Next year at AACR, I hope we will see a Twitter board at the entrance to the meeting and more cancer researchers encouraged to participate in the conversation and share their thoughts and experiences. AACR could learn a lot from medical oncologists and patient advocates on how to embrace the true power of social media.
Genentech’s next generation PI3-kinase inhibitor, GDC-0032, was the topic of two presentations yesterday at the 2013 annual meeting of the
The cherry blossoms are finally blooming in Washington DC for the 2013 annual meeting of the American Association
The forthcoming annual meeting of the American Association for Cancer Research (AACR) in Washington DC is a must attend for anyone interested in cancer research and new cancer drugs in development.
Many readers will know that one of the hallmarks of cancer is the evasion of apoptosis or cell death. Drugs in development that act as an inhibitor of apoptosis proteins (IAP) are starting to show promise against this target.
Novartis IAP Inhibitor LCL161
At the 2012 San Antonio Breast Cancer Symposium (SABCS), a phase 1 trial with LCL161, a novel-IAP antagonist from Novartis, showed promising responses in triple negative breast cancer when given in combination with paclitaxel chemotherapy. The SABCS data showed that in the 52 patients treated with LCL161, a complete response was observed in 1 patient, and a partial response was seen in 15 patients.
Caution must obviously be expressed at extrapolating from early-stage data in a non-randomized trial.
Several other companies have IAP antagonists in early development, including Curis (CUDC-427).
- Curis announced in November they had licensed GDC-0917 from Genentech. I am hopeful there will be new data on CUDC-427 at the AACR annual meeting. At the recent Citi Global Healthcare Conference on Feb 25, 2013, Curis stated they could start phase 2 development of CUDC-427 by mid-2013 and were looking at it in combination with capecitabine (Xeloda) in breast cancer as well as monotherapy.
- Ascenta Therapeutics licensed their IAP inhibitor AT-406 to Debiopharm in August 2011.
Nature Reviews Drug Discovery has a review article on “Targeting IAP proteins for therapeutic intervention in cancer” for those interested in learning more about some of the compounds in preclinical and clinical development, and the scientific rationale behind this target.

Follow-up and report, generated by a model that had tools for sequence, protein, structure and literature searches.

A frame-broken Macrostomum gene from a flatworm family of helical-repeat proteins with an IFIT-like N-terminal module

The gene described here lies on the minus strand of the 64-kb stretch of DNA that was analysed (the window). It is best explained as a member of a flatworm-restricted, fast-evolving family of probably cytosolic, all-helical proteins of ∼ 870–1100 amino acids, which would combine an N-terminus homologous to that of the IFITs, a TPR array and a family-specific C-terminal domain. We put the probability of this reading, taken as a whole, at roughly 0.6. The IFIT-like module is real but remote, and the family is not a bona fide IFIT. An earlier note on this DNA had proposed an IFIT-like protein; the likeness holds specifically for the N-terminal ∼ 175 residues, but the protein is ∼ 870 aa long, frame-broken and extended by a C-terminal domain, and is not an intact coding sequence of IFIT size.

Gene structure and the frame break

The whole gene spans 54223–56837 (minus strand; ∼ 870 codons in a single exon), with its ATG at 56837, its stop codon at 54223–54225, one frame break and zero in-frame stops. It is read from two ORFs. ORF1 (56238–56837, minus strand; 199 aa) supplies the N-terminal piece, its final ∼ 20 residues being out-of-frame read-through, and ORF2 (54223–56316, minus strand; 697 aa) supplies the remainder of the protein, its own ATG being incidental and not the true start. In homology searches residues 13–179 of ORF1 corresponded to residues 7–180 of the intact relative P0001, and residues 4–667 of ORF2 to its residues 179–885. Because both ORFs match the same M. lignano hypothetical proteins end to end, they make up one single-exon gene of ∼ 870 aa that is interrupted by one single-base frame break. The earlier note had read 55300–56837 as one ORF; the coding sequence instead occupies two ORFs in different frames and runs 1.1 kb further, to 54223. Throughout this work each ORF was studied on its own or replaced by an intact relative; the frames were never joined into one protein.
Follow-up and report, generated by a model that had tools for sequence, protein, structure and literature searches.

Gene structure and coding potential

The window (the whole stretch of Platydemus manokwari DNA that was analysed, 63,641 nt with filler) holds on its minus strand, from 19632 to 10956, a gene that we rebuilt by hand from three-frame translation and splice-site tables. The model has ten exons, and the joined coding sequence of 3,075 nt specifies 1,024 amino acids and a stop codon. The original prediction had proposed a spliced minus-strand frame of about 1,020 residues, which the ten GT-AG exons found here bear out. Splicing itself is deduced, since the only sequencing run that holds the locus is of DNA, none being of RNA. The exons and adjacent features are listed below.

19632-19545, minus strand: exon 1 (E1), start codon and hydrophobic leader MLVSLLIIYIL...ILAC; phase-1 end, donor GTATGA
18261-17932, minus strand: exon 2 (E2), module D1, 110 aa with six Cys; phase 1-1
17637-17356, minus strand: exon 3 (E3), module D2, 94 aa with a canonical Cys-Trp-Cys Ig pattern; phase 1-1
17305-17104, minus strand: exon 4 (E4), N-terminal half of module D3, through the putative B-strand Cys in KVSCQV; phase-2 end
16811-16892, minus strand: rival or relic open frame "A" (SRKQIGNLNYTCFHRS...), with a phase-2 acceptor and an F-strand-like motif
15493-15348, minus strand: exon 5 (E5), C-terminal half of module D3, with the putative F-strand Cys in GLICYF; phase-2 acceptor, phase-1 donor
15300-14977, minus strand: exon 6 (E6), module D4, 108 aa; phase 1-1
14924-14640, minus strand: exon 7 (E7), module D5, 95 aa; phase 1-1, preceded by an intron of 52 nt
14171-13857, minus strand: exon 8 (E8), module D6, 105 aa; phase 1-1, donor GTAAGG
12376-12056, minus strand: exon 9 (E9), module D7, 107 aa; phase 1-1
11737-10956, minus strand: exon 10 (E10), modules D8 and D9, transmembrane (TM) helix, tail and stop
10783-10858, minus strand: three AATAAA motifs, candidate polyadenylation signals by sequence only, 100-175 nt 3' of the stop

IAP inhibitors are an interesting class of compounds to watch as they move forward in clinical development.
IAP Inhibitors may promote Bone Metastasis
Research published in the February 2013 issue of the AACR journal Cancer Discovery shows that in mouse experiments a side-effect of IAP inhibitors is promotion of osteoclast activity. Whether these preclinical results in animal models translate to man remains to be seen, but the research by Chang Yang and colleagues from the Washington University School of Medicine in St Louis, MO is worth noting.
In simple terms, osteoclasts are the cells that remove bone as part of a dynamic equilibrium with osteoblasts, the cells that produce and lay down new bone.
An increase in osteoclasts caused by IAP antagonists activating alternative NF-κB signalling through NF-κB-inducing kinase (NIK) results in the disruption of normal bone metabolism. In mouse experiments, this led to over-degradation of bone and osteoporosis (pathological bone loss), as well as providing a microenvironment that favors tumor expansion and metastasis.
Osteoclasts embedded in the bone matrix also release tumor growth factors, so if there are more osteoclasts then more growth factors are produced resulting in the creation of a more favourable microenvironment for bone metastasis.
In addition to showing the effects of IAP antagonists on the bone microenvironment, Chang Yang and colleagues demonstrated that drugs that prevent bone resorption such as zoledronic acid were able to decrease the incidence and severity of bone metastasis.
Many breast, cancer, prostate and lung cancer patients end up with bone metastases, which is why bone targeted agents have an important role to play in the treatment of the disease.
They conclude in their Cancer Discovery research paper that “future clinical trials of IAP antagonist-based therapy may require detailed examination of this potential for enhanced bone metastasis and osteoporosis, as well as possible combination with antiresorptive agents.”
The potential implications of this research is that bisphosphonates such as zoledronic acid and RANKL-targeted compounds, such as denosumab, may need to be used in conjunction with IAP antagonist treatment.
This is an important finding. If the animal results translate to humans, then concomitant administration of a bone target agent may be necessary. Future clinical trials of IAP antagonists could end up with more complex and expensive study designs if bone side effects needs to be monitored and addressed.
I look forward to learning more about IAP antagonists at the AACR meeting in April, and to following progress in this novel class of new drugs that seek to address one of the hallmarks of cancer.
Yang, C., Davis, J., Zeng, R., Vora, P., Su, X., Collins, L., Vangveravong, S., Mach, R., Piwnica-Worms, D., Weilbaecher, K., Faccio, R., & Veis Novack, D. (2012). Antagonism of Inhibitor of Apoptosis Proteins Increases Bone Metastasis via Unexpected Osteoclast Activation Cancer Discovery, 3 (2), 212-223 DOI: 10.1158/2159-8290.CD-12-0271